Kidney disease and plasma cell dyscrasias: ambiguous cases solved by serum free light chain dimerization analysis
Plasma cell dyscrasias (PCD) comprise a wide spectrum of disorders, which may adversely affect the kidney. However, in some PCD cases associated with kidney disease, the routine laboratory tests may be incapable to determine precisely the form of PCD, i.e., benign or malignant. Moreover, the kidney biopsy needed for precise diagnosis may be risky or declined. To overcome these limitations, we have developed and reported a new non-invasive technique based on serum free light chains (FLC) monomer (M) and dimer (D) pattern analysis (FLC MDPA), which allowed differentiation between malignant and benign PCD forms. The objective of our retrospective study was to demonstrate the utility of FLC MDPA in solving ten puzzling PCD cases complicated with kidney disease (patients 1–10).
Ten patients with uncertain form of PCD or with a questionable response to treatment were studied. In addition to routine laboratory tests and clinical evaluation of the PCD patients, our previously developed FLC MDPA in sera and biochemical amyloid typing in biopsy tissues were applied.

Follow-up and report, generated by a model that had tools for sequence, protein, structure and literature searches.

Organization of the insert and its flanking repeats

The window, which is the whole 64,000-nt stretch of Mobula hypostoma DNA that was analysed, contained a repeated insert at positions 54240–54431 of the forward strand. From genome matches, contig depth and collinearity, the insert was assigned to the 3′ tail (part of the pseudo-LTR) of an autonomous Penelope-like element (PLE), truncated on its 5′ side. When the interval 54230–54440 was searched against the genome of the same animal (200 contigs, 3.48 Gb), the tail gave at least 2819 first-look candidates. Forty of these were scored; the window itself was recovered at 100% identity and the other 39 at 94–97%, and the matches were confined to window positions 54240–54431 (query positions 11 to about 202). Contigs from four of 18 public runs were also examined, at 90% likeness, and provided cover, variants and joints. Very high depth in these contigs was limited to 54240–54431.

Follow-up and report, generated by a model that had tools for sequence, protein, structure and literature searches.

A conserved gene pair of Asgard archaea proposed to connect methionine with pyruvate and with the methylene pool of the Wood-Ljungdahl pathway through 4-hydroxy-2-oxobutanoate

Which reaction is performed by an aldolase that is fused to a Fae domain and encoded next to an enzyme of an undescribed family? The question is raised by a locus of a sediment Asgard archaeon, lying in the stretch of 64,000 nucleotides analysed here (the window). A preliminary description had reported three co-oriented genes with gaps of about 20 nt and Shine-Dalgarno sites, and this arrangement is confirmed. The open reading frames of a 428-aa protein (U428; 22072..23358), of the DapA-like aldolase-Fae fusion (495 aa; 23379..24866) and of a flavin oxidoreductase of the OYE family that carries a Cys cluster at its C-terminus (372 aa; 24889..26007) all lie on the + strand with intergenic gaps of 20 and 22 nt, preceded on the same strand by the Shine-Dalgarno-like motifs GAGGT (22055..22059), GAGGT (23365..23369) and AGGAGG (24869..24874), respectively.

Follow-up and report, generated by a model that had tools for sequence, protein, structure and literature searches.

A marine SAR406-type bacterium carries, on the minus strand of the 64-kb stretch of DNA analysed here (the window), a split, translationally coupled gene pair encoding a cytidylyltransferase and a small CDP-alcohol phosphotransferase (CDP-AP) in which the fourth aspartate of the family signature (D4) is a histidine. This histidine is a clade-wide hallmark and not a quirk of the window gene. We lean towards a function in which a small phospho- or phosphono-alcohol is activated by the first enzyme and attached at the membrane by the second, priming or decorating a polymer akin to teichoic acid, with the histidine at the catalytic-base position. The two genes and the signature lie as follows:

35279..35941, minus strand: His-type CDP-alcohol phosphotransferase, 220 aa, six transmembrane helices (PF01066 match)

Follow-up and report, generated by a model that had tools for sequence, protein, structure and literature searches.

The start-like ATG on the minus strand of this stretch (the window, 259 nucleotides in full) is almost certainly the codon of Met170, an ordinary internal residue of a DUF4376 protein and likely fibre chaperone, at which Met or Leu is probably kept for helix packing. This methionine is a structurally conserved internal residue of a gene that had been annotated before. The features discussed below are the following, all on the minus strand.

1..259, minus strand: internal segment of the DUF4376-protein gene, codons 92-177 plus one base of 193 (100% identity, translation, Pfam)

The FLC MDPA aided the diagnosis of the PCD underlying or accompanying the kidney disease in patients 1–5, and helped to interpret properly the response to treatment in patients 1, 6–10. The FLC MDPA findings were confirmed by a biochemical analysis of tissue amyloid deposits and subsequently by the outcome of these patients.
FLC MDPA is a non-invasive diagnostic test useful in the management of ambiguous cases of PCD associated with kidney disease.
KeywordsFree light chains Amyloidosis Kidney diseases
We would like to thank Dr. R. Kaplan for his invaluable advice and helpful discussion in the preparation of this manuscript.
Compliance with ethical standards
Conflict of interest
The authors have declared that no conflict of interest exists.
All procedures performed in studies involving human participants were in accordance with the ethical standards of the institutional and/or national research committee at which the studies were conducted (IRB approval number 2982-16-SMC) and with the 1964 Helsinki Declaration and its later amendments or comparable ethical standards.
For this type of study (retrospective), formal informed consent was not required.
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